“Mother of Peace and “Lion” in Zulu, Nokuthula Ngwenyama’s performances as orchestral soloist, recitalist and chamber musician garner great attention. Gramaphone proclaims her as “providing solidly shaped music of bold mesmerizing character.” As a composer, Uptown Magazine featured her “A Poet of Sound.”
Ms. Ngwenyama gained international prominence winning the Primrose International Viola Competition at 16. The following year she won the Young Concert Artists International Auditions, which led to debuts at the Kennedy Center and the 92nd Street ‘Y.’ A recipient of the prestigious Avery Fisher Career Grant, she has performed with orchestras and as recitalist the world over.
Recent highlights include joining the Emerson Quartet at Lincoln Center’s Alice Tully Hall and the premieres of Rising for Solo Multitrack Violin and Pedals and Primal Message for Viola Quintet – performed with the Dover Quartet and jointly commissioned by the Phoenix Chamber Music Society and Chamber Music Northwest. Her first viola concerto, commissioned by Christopher Biggs and Irene Marquez Biggs and recorded with the Janacek Philharmonic, is to be released on Peace Mama Productions (PMP) spring 2021.
Ms. Ngwenyama also joined violinists Jaime Laredo and Pamela Frank, cellists Sharon Robinson and Keith Robinson, and violist Milena Pajaro-van de Stadt in January 2020 for the premiere of Sexagesimal Celebration in commemoration of the 60th anniversary of the Phoenix Chamber Music Society. Additionally, she recorded both Brahms Sextets with the same ensemble and forms umama womama with fellow composers and instrumentalists Valerie Coleman-Page and Hannah Lash, which debuts and premieres a jointly written trio commissioned by Chamber Music Northwest, Phoenix Chamber Music Society and Clarion Concerts in the 2021-22 season.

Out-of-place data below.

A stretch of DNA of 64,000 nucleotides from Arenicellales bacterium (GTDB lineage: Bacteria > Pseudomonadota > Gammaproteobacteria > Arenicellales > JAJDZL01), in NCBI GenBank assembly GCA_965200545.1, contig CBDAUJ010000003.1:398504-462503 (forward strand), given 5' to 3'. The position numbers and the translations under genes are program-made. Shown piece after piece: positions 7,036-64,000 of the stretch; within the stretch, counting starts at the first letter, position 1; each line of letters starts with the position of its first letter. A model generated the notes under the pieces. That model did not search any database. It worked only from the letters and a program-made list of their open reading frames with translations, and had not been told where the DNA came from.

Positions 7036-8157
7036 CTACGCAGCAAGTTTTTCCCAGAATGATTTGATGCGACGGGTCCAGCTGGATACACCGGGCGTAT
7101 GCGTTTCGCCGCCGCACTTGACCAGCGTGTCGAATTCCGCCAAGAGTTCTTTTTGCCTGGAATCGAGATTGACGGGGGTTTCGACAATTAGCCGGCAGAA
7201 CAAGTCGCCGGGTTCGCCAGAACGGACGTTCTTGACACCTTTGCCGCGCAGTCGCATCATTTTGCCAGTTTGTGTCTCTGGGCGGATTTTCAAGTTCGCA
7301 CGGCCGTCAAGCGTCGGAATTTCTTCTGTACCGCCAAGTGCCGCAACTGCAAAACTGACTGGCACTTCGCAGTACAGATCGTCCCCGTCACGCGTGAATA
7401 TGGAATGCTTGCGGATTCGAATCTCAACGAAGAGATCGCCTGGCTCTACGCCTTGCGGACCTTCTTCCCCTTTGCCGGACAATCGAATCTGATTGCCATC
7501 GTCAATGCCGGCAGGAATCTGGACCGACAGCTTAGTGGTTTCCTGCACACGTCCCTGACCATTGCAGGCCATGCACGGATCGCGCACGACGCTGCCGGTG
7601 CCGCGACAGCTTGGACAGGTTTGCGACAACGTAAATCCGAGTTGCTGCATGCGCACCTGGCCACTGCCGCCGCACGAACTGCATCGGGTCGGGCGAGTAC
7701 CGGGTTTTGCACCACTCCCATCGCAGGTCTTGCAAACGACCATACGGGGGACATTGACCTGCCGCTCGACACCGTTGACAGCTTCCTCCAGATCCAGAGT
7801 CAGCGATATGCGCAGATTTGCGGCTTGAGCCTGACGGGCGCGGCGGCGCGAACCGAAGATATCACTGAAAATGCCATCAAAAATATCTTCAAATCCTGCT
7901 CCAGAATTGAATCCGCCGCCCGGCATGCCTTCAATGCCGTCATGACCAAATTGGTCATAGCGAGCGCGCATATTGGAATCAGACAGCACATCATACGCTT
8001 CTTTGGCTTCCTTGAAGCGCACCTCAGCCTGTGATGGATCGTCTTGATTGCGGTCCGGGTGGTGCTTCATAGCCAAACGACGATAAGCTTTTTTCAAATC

This fall, Ms. Ngwenyama collaborated with Daniel Bernard Roumain on ASU/Kerr Cultural Center’s show Tuning Up in a multi-disciplinary discussion around BIPOC issues and classical music. Her work Finding the Dream, commissioned by John Clements and written in response to the murder of George Floyd and Martin Luther King’s iconic I Have a Dream speech, receives its world premiere through joint digital emission with ASU/Kerr Cultural Center and the Colburn School. Primal Message for percussion, harp and strings, an homage to the Arecibo message, also receives an orchestral world premiere with the Detroit Symphony on the digital DSO series.
Ms. Ngwenyama has performed at the White House and testified before Congress on behalf of the National Endowment for the Arts (NEA). An avid educator, she served as visiting professor at the University of Notre Dame and Indiana University Jacobs School of Music. She also served as director of the Primrose International Viola Competition and is past president of the American Viola Society. She curates Composer’s Choice, a co-production of ASU/Kerr Cultural Center, Phoenix Chamber Music Society, and Peace Mama Productions (PMP). It features 21st century music and its creators from the concert hall to television, game and beyond in a chamber music setting.
Born in Los Angeles, California of Zimbabwean-Japanese parentage, Nokuthula Ngwenyama (No-koo-TOO-lah En-gwen-YAH-mah) studied theory and counterpoint under Mary Ann Cummins, Warren Spaeth and Dr. Herbert Zipper. She also appeared on Sylvia Kunin’s Musical Encounter series bringing music to inner city schools, including as soloist with Dr. Zipper and his orchestra. She is a Crossroads School graduate and alumna of the Colburn School for the Performing Arts (now the Colburn Community School of Performing Arts). As a Fulbright Scholar she attended the Conservatoire National Superieur de Musique et de Danse de Paris and received a Master of Theological Studies degree from Harvard University. While an undergraduate at the Curtis Institute of Music her theory and counterpoint teachers included Edward Aldwell, Jennifer Higdon and David Loeb. She is the first composer in residence of the Phoenix Chamber Music Society and plays on an Antonius and Hieronymus Amati viola from 1597, on permanent loan from the Biggs Collection.